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Five spooky animals to keep you up at night

Science & Technology by

Halloween and creepy creatures go hand in hand, but there’s more to the animal kingdom than the generic vampire bat or black cat. Here are five spooky animals to get you in the Halloween spirit:

 

Tufted deer

Found in the mountainous forests of China, Tibet, and Myanmar, the tufted deer is a dainty and elusive animal characterized by a small tuft of black fur on its forehead.  At first glance, it looks like any other deer—until you notice their fangs. Males have protruding canines, known as tusks, that they use as weapons when competing for territories or females. Though females also have canines, they aren’t as long.

This physical difference between the sexes—called sexual dimorphism—may have been brought about by  sexual selection, an evolutionary pressure that acts on an organism’s features, and thus, the ability of an organism to mate.

Despite their fangs, these vampire-like deer must still be careful of predators, and are endangered due to poaching and habitat loss.

 

Marine hatchetfish

These sea creatures live in most temperate waters around the world. Their large eyes that are very sensitive to light lead them to migrate to shallower waters at night and return to deeper depths during the day, where they hunt by looking for the silhouettes of their prey above them. Through the process of bioluminescence, these organisms create their own light. Using photophores—or light emitting organs that cause bioluminescence—many deep-sea ocean dwellers are able to survive in the deep dark ocean. Since they can live at depths of up to 1,370 metres, not much is known about the deep-sea hatchetfish—aside from the fact that they look like they’re about to suck out your soul.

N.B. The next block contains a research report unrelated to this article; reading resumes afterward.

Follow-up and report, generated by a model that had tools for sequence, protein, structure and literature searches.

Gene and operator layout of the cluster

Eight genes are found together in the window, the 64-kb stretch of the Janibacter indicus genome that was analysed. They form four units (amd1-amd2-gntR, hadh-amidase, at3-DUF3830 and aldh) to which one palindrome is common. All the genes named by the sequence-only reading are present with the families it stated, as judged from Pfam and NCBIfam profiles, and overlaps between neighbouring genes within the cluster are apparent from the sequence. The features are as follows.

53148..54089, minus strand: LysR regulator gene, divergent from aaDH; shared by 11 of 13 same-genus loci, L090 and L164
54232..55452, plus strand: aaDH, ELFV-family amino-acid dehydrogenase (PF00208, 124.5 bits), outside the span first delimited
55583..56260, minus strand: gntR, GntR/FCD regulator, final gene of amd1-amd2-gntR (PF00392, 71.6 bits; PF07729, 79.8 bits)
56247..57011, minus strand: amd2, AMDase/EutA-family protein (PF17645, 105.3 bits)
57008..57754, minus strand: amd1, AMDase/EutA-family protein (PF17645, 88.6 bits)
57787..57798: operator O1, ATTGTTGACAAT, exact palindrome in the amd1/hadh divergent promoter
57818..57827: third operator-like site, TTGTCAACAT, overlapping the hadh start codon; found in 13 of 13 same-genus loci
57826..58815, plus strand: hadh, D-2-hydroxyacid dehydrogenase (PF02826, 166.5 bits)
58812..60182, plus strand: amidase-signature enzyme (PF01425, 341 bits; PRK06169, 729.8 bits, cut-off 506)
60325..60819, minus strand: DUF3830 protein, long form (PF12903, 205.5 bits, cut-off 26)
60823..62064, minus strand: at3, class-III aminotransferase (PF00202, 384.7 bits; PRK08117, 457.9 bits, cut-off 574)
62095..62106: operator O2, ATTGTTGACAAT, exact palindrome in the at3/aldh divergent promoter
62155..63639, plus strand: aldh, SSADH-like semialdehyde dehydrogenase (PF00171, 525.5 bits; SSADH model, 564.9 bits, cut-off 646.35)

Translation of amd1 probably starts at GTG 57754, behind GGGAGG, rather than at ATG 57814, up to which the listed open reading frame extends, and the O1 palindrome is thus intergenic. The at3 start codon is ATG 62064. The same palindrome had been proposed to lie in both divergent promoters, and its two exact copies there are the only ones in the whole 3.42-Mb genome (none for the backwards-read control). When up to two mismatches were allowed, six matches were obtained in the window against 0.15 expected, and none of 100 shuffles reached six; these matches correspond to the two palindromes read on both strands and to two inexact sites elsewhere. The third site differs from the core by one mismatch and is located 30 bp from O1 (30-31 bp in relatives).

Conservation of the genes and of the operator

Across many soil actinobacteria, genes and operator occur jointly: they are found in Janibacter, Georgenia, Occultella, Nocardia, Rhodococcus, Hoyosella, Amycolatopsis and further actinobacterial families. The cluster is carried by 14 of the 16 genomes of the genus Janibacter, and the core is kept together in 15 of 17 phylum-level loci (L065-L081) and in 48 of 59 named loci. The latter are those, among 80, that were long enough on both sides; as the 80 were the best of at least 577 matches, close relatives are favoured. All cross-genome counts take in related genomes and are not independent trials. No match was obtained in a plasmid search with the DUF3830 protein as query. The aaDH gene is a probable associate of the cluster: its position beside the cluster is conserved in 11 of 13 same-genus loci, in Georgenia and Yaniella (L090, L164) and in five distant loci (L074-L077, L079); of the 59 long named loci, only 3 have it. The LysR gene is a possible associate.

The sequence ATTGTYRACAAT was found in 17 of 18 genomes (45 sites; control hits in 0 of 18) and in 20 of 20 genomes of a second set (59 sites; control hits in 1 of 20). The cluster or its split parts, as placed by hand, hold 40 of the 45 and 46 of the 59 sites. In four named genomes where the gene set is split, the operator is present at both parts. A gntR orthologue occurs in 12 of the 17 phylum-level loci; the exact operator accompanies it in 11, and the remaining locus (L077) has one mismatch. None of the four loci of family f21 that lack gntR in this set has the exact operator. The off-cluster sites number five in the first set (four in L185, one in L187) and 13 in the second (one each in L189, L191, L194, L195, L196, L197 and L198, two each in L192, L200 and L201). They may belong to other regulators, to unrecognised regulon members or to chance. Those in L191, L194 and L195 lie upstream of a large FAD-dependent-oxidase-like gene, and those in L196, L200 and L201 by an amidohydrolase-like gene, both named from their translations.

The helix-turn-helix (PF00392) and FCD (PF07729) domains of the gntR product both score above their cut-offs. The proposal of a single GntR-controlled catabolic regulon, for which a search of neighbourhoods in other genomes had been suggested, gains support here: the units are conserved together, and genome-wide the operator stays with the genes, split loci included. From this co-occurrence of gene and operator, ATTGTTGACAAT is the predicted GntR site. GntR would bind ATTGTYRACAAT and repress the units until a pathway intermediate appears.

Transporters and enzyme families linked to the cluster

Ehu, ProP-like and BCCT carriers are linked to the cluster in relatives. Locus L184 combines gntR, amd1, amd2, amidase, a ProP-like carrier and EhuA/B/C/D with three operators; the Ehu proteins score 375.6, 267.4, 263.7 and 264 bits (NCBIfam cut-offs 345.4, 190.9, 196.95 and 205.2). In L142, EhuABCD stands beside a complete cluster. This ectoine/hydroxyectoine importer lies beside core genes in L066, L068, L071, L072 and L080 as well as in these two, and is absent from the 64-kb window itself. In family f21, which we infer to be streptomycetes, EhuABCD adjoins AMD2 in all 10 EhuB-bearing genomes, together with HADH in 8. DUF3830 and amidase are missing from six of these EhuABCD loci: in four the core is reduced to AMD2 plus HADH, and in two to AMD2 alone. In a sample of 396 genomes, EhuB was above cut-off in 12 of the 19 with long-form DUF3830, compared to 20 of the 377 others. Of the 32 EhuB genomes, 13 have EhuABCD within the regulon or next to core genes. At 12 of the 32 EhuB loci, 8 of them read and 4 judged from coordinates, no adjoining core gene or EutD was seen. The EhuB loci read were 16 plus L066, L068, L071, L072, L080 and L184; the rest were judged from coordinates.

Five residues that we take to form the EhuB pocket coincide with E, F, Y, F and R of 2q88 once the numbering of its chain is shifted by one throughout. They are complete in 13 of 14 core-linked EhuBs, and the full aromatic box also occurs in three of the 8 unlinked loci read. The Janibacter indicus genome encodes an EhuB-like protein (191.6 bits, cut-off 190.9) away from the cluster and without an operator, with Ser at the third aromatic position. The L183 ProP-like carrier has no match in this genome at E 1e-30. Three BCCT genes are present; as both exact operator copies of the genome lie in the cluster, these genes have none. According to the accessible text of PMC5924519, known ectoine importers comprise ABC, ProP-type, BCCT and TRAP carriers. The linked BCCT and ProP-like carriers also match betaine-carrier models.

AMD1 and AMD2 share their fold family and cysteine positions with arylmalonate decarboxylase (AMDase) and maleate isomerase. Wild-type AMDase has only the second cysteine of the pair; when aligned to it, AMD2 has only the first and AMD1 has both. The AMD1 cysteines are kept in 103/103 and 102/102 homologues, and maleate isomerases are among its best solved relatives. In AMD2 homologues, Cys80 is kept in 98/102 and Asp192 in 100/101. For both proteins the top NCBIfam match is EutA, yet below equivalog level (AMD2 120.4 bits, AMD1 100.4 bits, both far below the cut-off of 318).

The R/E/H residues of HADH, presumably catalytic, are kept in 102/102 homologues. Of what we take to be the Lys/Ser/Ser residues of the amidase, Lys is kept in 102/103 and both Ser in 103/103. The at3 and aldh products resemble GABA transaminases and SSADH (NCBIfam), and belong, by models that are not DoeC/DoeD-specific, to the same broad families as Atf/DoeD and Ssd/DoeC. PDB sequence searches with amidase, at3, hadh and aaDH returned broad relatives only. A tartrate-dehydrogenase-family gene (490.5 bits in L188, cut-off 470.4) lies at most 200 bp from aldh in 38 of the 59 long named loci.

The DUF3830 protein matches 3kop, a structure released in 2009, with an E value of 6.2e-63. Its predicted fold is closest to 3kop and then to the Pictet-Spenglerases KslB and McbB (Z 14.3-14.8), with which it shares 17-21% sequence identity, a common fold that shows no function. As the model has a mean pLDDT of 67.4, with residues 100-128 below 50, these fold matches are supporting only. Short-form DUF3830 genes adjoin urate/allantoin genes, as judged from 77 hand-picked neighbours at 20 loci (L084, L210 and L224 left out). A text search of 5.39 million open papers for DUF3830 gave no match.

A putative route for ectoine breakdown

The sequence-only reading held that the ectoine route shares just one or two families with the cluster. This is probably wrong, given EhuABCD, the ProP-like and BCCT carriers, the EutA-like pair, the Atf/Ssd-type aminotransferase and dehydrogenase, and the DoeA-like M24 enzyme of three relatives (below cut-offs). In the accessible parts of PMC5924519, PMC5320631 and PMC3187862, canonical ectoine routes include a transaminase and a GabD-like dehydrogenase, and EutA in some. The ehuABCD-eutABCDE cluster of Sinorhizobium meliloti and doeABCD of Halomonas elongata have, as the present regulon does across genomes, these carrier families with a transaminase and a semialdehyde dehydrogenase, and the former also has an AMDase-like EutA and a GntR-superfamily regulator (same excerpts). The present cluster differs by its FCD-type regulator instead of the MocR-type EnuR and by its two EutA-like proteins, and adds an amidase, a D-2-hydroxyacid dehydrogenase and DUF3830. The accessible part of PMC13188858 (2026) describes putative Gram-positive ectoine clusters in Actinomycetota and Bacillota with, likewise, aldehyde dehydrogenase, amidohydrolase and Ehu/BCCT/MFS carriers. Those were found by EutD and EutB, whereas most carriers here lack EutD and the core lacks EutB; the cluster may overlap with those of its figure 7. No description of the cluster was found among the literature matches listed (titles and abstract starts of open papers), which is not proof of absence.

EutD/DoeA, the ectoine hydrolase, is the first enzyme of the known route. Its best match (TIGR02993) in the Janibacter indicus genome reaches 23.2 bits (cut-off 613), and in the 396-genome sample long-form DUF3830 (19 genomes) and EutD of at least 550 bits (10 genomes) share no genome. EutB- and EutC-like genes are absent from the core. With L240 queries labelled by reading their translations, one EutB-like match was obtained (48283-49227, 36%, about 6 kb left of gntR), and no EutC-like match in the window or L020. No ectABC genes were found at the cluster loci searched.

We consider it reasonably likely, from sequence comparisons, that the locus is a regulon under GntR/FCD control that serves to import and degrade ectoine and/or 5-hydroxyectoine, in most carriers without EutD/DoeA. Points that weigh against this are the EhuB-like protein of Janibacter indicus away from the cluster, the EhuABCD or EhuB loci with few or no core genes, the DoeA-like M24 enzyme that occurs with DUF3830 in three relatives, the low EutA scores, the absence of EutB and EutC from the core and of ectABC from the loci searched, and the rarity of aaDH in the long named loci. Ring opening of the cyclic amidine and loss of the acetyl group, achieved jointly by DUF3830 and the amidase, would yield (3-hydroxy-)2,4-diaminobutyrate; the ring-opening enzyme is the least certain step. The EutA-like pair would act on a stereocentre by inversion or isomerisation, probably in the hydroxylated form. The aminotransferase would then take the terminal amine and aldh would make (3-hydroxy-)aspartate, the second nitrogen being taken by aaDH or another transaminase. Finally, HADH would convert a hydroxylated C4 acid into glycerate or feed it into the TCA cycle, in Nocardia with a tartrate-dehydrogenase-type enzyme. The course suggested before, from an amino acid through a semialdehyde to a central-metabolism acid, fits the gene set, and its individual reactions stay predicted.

Vampire finch

A subspecies of the sharp-beaked ground finch that is found in the Galapagos Islands, the vampire finch has developed an unusual behaviour to supplement its diet when seeds and insects are scarce; it picks at the feathers and drinks the blood of the blue-footed booby—a larger bird that inhabits the Islands. They have even been known to do so in large groups. In addition, vampire finches often eat other birds’ eggs by rolling them onto rocks so that they break.

Their behaviour is not as evil as it seems, however—nipping at other bird’s feathers is actually an example of a mutualistic relationship, in which both species benefit from the actions of the other. The finch is able to take in more nutrients, and in the process, remove parasites from the booby’s feathers.

 

Aye-aye

The aye-aye is found only on the island of Madagascar. A species of lemur, they are thought to be the only primate to use echolocation—he use of sound waves and echoes to determine where objects are in space—to find prey. They spend their lives in the trees and have an elongated middle finger to dig grubs out of holes in trees, and thus fill the same ecological niche as a woodpecker. Their large eyes and long, spindly fingers do make them look a little creepy; unfortunately, some locals in Madagascar kill the aye-aye because of legends that paint them to be evil spirits.

The aye-aye allegedly sneaks into the homes of nearby villagers and uses its elongated middle finger to pierce through their hearts while they sleep. The fact that the species is completely unafraid of humans does not help their cause.

 

Assassin spider

Assassin spiders, otherwise known as pelican spiders, are made to kill. Though they are slow rather than stealthy, their long neck and chelicerae—fang-bearing segments that are found on all spiders and allow them to inject venom—enable them to sink their jaws into prey from a relatively long distance. They were first discovered in 40-million-year-old fossils and were presumed to have gone extinct, until they were discovered in Madagascar in 1881. They have since been found in South Africa and Australia.

Humans don’t have to be worried about these creepy crawlies—but other spiders do. They don’t weave a web, hanging instead on a single line of silk at night and impaling wandering spiders with their jaws.

While these animals are all quite spooky, it’s important to remember that their scientific significance is not confined to Halloween scares. Their bizarre traits are the result of millions of years of evolution, and they each play a vital role in nature.

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